New wheat varieties ready for sowing next season are promising higher yields and stronger disease resistance.
At the National Variety Trial site at Gerogery five new wheat varieties ready for next season sowing are being grown.
At the Riverine Plains Evan Moll Gerogery Field Day, NSW DPI technical specialist - grains, Peter Matthews, took growers through the varieties in the trial.
The new varieties are Leverage, LongReach Major, LongReach Tracer, Sundancer and Tomahawk CL Plus.
Leverage is a mid-slow maturity suited to late April/early May plantings and is closely related to Coolah but offers higher yield with a shorter plant type and improved stripe rust resistance.
LongReach Major is a mid-slow maturing spring wheat suitable for early to mid May seeding for southern NSW.
Major offers a good disease package for southern NSW and improved Septoria resistance over its Beckom parent.
Major has shown strong yield performance in both acidic and sodic soil yield trials.
LongReach Tracer is a mid spring maturing variety suitable for main season seeding in NSW and Queensland.
Tracer has shown strong performance in sodic soil yield trials and has a good disease package for northern production systems with excellent RLN tolerance. It has a compact canopy which could aid in stubble management in zero till farming systems.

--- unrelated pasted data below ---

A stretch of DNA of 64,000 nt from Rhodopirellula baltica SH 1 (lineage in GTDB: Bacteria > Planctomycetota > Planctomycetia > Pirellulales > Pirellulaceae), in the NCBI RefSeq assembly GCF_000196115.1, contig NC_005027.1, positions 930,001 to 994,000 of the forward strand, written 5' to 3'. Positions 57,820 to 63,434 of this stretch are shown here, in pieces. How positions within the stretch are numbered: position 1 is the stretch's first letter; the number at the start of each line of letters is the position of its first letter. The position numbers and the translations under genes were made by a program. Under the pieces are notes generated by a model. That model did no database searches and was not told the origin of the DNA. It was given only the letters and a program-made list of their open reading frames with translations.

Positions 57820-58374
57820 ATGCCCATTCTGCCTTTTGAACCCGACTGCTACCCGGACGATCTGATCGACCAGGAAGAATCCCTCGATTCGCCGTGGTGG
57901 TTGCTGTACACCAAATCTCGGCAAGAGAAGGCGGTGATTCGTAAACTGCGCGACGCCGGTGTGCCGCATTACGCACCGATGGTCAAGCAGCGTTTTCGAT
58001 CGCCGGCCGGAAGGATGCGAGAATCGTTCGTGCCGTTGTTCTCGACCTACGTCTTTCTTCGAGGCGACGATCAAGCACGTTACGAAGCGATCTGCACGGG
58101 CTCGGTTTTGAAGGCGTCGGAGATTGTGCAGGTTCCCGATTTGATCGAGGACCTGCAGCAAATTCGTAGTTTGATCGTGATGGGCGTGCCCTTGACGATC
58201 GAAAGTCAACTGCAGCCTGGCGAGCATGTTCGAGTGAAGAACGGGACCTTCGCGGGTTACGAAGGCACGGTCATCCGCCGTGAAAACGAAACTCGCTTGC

Sundancer is a mid-slow spring maturing variety which is high yielding with excellent yield stability. Sundancer has an excellent rust resistance package and is slightly taller than LRPB Lancer and has shown better resistance to lodging.
Tomahawk CL Plus is a high yielding Scepter type with tolerance to Clearfield Intervix herbicide. It is agronomically similar to Scepter for maturity, physical grain quality and disease resistance, and has good sprouting tolerance.
Meanwhile cereal seed supply is expected to plentiful next season.
Baker Seed Co sales and business development manager, Aaron Giason, said they were trialling a new barley variety and several wheat varieties at the agronomy trial plots at Henty.
Mr Giason said the new barley variety Neo, was exciting.
"The barley could be quite significant with a yield increase and really good against disease," he said.
Mr Giason said the wheat varieties being trialled all had something different to offer.
"There is a lot of varieties going through that are that ANZAC day window for planting and give a bit of a different spectrum for disease that's out there as well as some grain quality," he said.
"In my opinion yield is always key and quality and disease is what we want to look at. Ideally we have everything as the highest quality, highest disease resistance but we don't seem to ever be able to get there."
Unlike last season Mr Giason said they had not seen too much disease pressure so far.
"It will be a matter of how those varieties perform and with wheat and barley it's about how they yield at the other end so we'll be looking pretty hard at the NVT results to see which varieties are the ones to go with," he said.
Mr Giason said despite drier conditions seed supply going forward was looking good.
"There is quite a lot of crops in - we obviously had some issues last year just because it was so wet and stayed so wet for so long," he said.
"We are seeing a drier finish but we would like to see a little bit of rain just put some cream on the crop that's there."
Mr Giason said it was pretty hot and dry but he still thought seed supply should be good for existing varieties and the new ones coming in.
"We've got good supply and production of those in the ground," he said.